The International Space Station was a cramped, humid, puny three rooms when the first crew moved in.
Twenty years and 241 visitors later, the complex has a lookout tower, three toilets, six sleeping compartments and 12 rooms, depending on how you count.
Monday marks two decades of a steady stream of people living there.
Astronauts from 19 countries have floated through the space station hatches, including several tourists who paid their own way there.
The first crew — American Bill Shepherd and Russians Sergei Krikalev and Yuri Gidzenko — blasted off from Kazakhstan on Oct. 31, 2000. Two days later, they swung open the space station doors.
Shepherd, a former Navy SEAL who served as the station commander, likened it to living on a ship at sea. The three spent most of their time coaxing equipment to work.
Installations and repairs took hours at the new space station, compared to minutes on the ground, Krikalev recalled.
“Each day seemed to have its own set of challenges,” Shepherd said during a recent NASA panel discussion with his crewmates.
The space station has since transformed into a complex that’s almost as long as a football field, with eight miles of electrical wiring, an acre of solar panels and three high-tech labs.
“It’s 500 tons of stuff zooming around in space, most of which never touched each other until it got up there and bolted up,” Shepherd told The Associated Press. “And it’s all run for 20 years with almost no big problems.”
“It’s a real testament to what can be done in these kinds of programs,” he said.
Shepherd, 71, is long retired from NASA and lives in Virginia Beach, Virginia.
Krikalev, 62, and Gidzenko, 58, have risen in the Russian space ranks. Both were involved in the mid-October launch of the 64th crew.
The first thing the three did once arriving at the darkened space station on Nov. 2, 2000, was turn on the lights, which Krikalev recalled as “very memorable.” Then they heated water for hot drinks and activated the lone toilet.
“Now we can live,” Gidzenko remembers Shepherd saying. “We have lights, we have hot water and we have toilet.”
The three had no close calls during their nearly five months up there, Shepherd said, and so far the station has held up relatively well.
NASA’s top concern nowadays is the growing threat from space junk. This year, the orbiting lab has had to dodge debris three times.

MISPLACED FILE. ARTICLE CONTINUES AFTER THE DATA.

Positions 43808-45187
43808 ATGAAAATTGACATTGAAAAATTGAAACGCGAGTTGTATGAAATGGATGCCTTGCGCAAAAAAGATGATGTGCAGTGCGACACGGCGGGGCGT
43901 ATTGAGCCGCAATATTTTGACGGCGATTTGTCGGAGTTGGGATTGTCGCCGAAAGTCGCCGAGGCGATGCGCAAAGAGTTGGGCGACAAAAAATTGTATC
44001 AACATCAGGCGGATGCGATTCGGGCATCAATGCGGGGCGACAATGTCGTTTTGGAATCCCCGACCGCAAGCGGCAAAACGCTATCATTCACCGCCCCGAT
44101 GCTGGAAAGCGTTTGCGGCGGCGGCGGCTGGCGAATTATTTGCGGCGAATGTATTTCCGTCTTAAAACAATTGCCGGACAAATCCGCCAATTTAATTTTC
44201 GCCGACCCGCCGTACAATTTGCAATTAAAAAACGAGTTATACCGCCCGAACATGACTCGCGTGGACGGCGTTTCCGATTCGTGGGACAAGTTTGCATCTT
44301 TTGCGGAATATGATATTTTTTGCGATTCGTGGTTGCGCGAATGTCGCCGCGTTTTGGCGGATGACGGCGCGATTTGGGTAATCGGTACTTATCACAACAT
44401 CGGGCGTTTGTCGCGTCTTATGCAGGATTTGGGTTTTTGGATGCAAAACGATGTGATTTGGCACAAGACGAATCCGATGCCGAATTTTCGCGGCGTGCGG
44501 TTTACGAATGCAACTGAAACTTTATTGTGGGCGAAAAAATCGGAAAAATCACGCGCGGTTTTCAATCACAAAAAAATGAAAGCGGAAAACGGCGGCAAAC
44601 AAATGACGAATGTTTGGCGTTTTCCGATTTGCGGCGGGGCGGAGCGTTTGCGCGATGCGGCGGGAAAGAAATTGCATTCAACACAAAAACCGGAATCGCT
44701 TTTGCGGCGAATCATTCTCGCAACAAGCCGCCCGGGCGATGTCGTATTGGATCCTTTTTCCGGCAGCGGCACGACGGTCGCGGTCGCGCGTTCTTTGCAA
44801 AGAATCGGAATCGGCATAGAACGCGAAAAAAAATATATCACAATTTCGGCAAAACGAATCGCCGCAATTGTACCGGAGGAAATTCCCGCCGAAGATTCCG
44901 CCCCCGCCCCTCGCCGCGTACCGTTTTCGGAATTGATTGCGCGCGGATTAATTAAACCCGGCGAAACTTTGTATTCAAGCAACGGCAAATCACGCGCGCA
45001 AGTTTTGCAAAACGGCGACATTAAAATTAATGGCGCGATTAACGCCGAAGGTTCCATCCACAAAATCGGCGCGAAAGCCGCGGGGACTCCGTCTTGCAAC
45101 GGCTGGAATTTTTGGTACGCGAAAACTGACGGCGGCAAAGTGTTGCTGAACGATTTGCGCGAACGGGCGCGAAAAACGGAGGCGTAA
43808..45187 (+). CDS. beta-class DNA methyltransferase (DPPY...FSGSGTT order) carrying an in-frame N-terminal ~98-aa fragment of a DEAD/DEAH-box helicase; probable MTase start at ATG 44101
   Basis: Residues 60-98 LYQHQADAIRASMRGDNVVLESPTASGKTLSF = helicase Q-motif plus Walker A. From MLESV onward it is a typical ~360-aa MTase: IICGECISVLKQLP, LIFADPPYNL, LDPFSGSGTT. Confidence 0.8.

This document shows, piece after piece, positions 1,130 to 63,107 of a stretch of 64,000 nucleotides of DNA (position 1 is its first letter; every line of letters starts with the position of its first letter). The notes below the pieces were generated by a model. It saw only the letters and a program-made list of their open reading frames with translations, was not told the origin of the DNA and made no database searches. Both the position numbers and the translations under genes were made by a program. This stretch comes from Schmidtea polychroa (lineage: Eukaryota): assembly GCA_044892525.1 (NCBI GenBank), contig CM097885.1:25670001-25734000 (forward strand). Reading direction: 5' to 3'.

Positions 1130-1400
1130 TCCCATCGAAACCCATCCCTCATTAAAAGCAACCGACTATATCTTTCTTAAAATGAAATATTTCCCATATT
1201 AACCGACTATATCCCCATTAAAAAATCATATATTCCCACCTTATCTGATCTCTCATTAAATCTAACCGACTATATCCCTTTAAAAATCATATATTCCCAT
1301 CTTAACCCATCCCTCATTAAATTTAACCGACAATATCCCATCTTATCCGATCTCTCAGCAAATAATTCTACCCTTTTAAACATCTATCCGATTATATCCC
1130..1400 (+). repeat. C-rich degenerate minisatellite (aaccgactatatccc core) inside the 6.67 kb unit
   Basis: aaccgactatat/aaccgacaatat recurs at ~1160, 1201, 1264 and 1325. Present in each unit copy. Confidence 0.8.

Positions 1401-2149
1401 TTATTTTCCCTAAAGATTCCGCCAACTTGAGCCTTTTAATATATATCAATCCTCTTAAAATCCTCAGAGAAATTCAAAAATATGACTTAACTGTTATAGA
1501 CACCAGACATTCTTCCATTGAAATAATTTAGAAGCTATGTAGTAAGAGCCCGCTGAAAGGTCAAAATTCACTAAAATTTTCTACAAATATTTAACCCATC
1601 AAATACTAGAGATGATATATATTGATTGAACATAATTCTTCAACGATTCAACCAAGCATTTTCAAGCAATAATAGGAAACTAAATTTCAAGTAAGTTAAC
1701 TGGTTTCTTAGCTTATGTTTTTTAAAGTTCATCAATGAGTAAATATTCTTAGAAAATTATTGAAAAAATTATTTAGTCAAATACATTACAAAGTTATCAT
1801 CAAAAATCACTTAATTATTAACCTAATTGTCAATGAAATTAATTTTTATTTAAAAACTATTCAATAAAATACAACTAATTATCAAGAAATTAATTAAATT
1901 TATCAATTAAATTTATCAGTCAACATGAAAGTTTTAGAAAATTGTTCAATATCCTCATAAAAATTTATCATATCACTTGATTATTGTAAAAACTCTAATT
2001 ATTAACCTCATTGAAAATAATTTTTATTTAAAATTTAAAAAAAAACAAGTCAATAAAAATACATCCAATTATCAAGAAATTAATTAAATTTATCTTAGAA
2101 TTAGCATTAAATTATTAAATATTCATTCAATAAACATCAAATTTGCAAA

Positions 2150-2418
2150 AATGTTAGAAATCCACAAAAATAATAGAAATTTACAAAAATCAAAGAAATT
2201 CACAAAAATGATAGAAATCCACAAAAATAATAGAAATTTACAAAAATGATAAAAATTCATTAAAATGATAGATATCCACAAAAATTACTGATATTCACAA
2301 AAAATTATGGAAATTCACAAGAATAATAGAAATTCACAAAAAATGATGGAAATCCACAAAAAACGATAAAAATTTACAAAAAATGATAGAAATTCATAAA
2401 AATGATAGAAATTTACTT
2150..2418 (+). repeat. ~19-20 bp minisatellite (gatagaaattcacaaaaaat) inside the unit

As for amenities, astronauts now have near-continuous communication with flight controllers and even an internet phone for personal use. The first crew had sporadic radio contact with the ground; communication blackouts could last hours.
With its first piece launched in 1998, the International Space Station already has logged 22 years in orbit.
NASA and its partners contend it easily has several years of usefulness left, 260 miles up.
The Mir station — home to Krikalev and Gidzenko in the late 1980s and 1990s — operated for 15 years before being guided to a fiery reentry over the Pacific in 2001. Russia’s earlier stations and America’s 1970s Skylab had much shorter life spans, as did China’s much more recent orbital outposts.
Astronauts spend most of their six-month stints these days keeping the space station running and performing experiments. A few have even spent close to a year on a single flight, serving as medical guinea pigs.
Shepherd and his crew, on the other hand, barely had time for a handful of experiments.
The first few weeks were so hectic — “just working and working and working,” according to Gidzenko — that they didn’t shave for days. It took awhile just to find the razors.
Even back then, the crew’s favorite pastime was gazing down at Earth. It takes a mere 90 minutes for the station to circle the world, allowing astronauts to soak in 16 sunrises and 16 sunsets each day.
The current residents — one American and two Russians, just like the original crew — plan to celebrate Monday’s milestone by sharing a special dinner, enjoying the views of Earth and remembering all the crews who came before them, especially the first.
But it won’t be a day off: “Probably we’ll be celebrating this day by hard work,” Sergei Kud-Sverchkov said Friday from orbit.
Future undertakings in space can benefit from the past two decades of international experience and cooperation, Shepherd said.
“If you look at the space station program today, it’s a blueprint on how to do it. All those questions about how this should be organized and what it’s going to look like, the big questions are already behind us,” he told the AP.
When Shepherd and his crewmates returned to Earth after nearly five months, his main objective had been accomplished.
“Our crew showed that we can work together,” he said.
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